Posted April 29th, 2015 in Legal Insights
Supreme Court Affirms Judicial Review of EEOC, Requires Agency to Discuss Specific Claims and Allow Employer to Rectify Practices
The Equal Employment Opportunity Commission (EEOC) must give an employer an opportunity to discuss and remedy specific discriminatory practices prior to bringing a Title VII discrimination lawsuit, and federal courts may review the EEOC’s actions to enforce that requirement, the U.S. Supreme Court ruled today.
This “manageable standard of review”—announced by a unanimous Court—requires the EEOC to demonstrate that, prior to commencing a lawsuit, it notified the employer of the discriminatory practice and identified “which employees (or what class of employees) had suffered as a result.” The EEOC must also give the employer an opportunity to discuss and remedy the practice prior to suing.
The ruling in Mach Mining, LLC v. Equal Employment Opportunity Commission (No 13-1019) reversed a December 2013 decision by the Seventh Circuit Court of Appeals, which had held that the EEOC’s conduct during the conciliation process was not subject to judicial review. In overturning the Seventh Circuit’s decision, the Supreme Court chose not to adopt a “good faith” standard of review previously adopted by the Fourth, Sixth, and Tenth Circuits and familiar in labor union negotiation cases. The Court also rejected the more stringent standards for scrutinizing EEOC conciliation efforts that had been applied by the Fifth, Eighth, and Eleventh Circuits.
Title VII requires that the EEOC, as a precondition to filing a civil action in federal court, “shall endeavor to eliminate any such alleged unlawful employment practice by informal methods of conference, conciliation, and persuasion.” The EEOC may file suit only after it “has been unable to secure from the respondent a conciliation agreement acceptable to the Commission.”
In the Mach Mining case, the EEOC issued a probable cause finding that the employer had discriminated against a class of female applicants for coal miner positions. The EEOC made a verbal conciliation demand, but otherwise there was no evidence that the EEOC made any further conciliation effort before it determined a year later that the conciliation process had failed and commenced its lawsuit.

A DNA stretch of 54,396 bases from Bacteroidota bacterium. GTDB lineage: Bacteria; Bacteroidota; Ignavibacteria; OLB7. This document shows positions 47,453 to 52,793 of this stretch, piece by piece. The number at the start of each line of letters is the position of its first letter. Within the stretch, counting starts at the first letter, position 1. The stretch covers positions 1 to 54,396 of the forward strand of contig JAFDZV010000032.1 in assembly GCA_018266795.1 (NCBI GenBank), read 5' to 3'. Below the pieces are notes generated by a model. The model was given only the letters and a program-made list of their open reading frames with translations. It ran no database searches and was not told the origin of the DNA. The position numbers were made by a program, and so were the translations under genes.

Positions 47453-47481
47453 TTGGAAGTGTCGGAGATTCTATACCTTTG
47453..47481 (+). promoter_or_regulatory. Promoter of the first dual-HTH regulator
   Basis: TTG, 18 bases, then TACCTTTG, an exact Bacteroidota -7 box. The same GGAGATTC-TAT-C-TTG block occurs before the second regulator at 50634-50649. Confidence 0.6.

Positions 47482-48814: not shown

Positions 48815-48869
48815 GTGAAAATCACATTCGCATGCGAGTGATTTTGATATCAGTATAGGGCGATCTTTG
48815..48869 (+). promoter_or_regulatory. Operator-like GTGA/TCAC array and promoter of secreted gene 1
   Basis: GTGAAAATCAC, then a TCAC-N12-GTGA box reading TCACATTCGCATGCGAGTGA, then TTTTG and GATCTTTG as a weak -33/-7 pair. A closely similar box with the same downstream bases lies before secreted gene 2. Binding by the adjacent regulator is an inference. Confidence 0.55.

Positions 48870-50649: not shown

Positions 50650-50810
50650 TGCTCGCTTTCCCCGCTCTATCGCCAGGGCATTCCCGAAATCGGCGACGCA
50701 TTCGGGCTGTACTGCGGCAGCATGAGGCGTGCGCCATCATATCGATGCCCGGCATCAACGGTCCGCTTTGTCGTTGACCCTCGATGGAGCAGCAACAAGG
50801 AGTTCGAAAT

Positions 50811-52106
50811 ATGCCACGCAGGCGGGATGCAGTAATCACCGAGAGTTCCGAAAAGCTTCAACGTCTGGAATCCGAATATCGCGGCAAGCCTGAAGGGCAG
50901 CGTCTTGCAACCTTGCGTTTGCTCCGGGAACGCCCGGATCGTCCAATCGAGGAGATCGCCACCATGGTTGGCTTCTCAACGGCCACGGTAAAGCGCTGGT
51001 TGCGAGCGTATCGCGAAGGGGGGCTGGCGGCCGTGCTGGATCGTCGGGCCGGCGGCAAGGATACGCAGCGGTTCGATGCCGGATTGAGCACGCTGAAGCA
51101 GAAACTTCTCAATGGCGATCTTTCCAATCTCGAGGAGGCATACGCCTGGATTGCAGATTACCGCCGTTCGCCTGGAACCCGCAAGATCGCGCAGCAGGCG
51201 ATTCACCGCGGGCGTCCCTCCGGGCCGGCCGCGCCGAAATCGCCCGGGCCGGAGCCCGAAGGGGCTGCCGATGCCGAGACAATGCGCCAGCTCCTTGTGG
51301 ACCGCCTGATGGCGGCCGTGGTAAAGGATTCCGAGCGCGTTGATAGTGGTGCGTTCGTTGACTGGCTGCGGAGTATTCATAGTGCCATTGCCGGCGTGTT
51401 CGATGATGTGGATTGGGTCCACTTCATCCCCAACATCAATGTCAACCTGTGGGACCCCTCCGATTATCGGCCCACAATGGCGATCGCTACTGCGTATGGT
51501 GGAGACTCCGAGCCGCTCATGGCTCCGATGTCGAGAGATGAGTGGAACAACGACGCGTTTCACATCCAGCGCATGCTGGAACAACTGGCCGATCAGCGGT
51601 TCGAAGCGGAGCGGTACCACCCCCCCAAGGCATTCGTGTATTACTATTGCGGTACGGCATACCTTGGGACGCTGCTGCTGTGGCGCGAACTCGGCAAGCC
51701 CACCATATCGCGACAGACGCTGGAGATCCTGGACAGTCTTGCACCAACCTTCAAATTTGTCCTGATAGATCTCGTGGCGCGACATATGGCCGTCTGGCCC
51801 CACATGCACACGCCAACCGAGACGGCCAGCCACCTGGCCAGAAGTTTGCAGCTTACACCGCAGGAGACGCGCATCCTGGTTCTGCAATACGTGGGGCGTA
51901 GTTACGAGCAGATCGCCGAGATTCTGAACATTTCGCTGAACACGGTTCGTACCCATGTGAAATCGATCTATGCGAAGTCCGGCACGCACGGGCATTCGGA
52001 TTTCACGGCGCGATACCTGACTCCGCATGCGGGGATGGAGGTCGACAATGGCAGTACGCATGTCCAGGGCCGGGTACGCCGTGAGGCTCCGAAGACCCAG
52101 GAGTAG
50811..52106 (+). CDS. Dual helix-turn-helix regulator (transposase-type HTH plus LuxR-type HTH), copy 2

When the employer in Mach Mining asserted in its answer that the case should be dismissed because the EEOC had failed to conciliate in good faith, the EEOC moved to dismiss that defense. The district court denied the EEOC’s motion and the EEOC appealed. The Seventh Circuit concluded that the adequacy of the EEOC’s conciliation efforts should not be subject to judicial inquiry.
In today’s decision written by Associate Justice Elena Kagan, the Supreme Court reversed the court of appeals and remanded the case to the district court for further proceedings to permit the EEOC a chance to prove that it had met its obligation to conciliate under the new standard. The Court noted that such proof would normally require no more than an affidavit from the EEOC.
For its part, an employer may present evidence that “the EEOC did not provide the requisite information about the charge or engage in a discussion.” If the employer prevails, the appropriate remedy is a delay of the proceedings until the EEOC properly engages in conciliation, as opposed to a more serious sanction, such as dismissal.
Finally, the Court stressed that the scope of the district court’s inquiry should be narrow and limited, and should give substantial deference to the EEOC’s final determination as to what constitutes an acceptable conciliation agreement.
Employers will be pleased that the high court has recognized that the EEOC’s obligation to conciliate is enforceable in court, and that its obligation includes a requirement to disclose and discuss the essential elements of its claims and identify the parties for which it seeks relief. This standard should also allow employers a more meaningful opportunity to assess the risks associated with the EEOC’s claims, as well as the potential value of an early settlement, rather than simply having to accept or reject a demand without fully understanding what the EEOC is actually seeking, or for whom. The evidentiary threshold for demonstrating the EEOC’s non-compliance is a high one, but may not be insurmountable. Employers threatened with EEOC litigation can anticipate circumstances that may be considered in assessing the EEOC’s conciliation conduct, including whether the EEOC (a) correctly sets forth all claims it plans to assert in a subsequent lawsuit; (b) specifies the parties for whom it seeks relief; and (c) allows the employer a reasonable opportunity to discuss and consider its conciliation proposal. A lapse by the EEOC on one or more of these factors may provide a basis for attacking the adequacy of the agency’s conciliation efforts.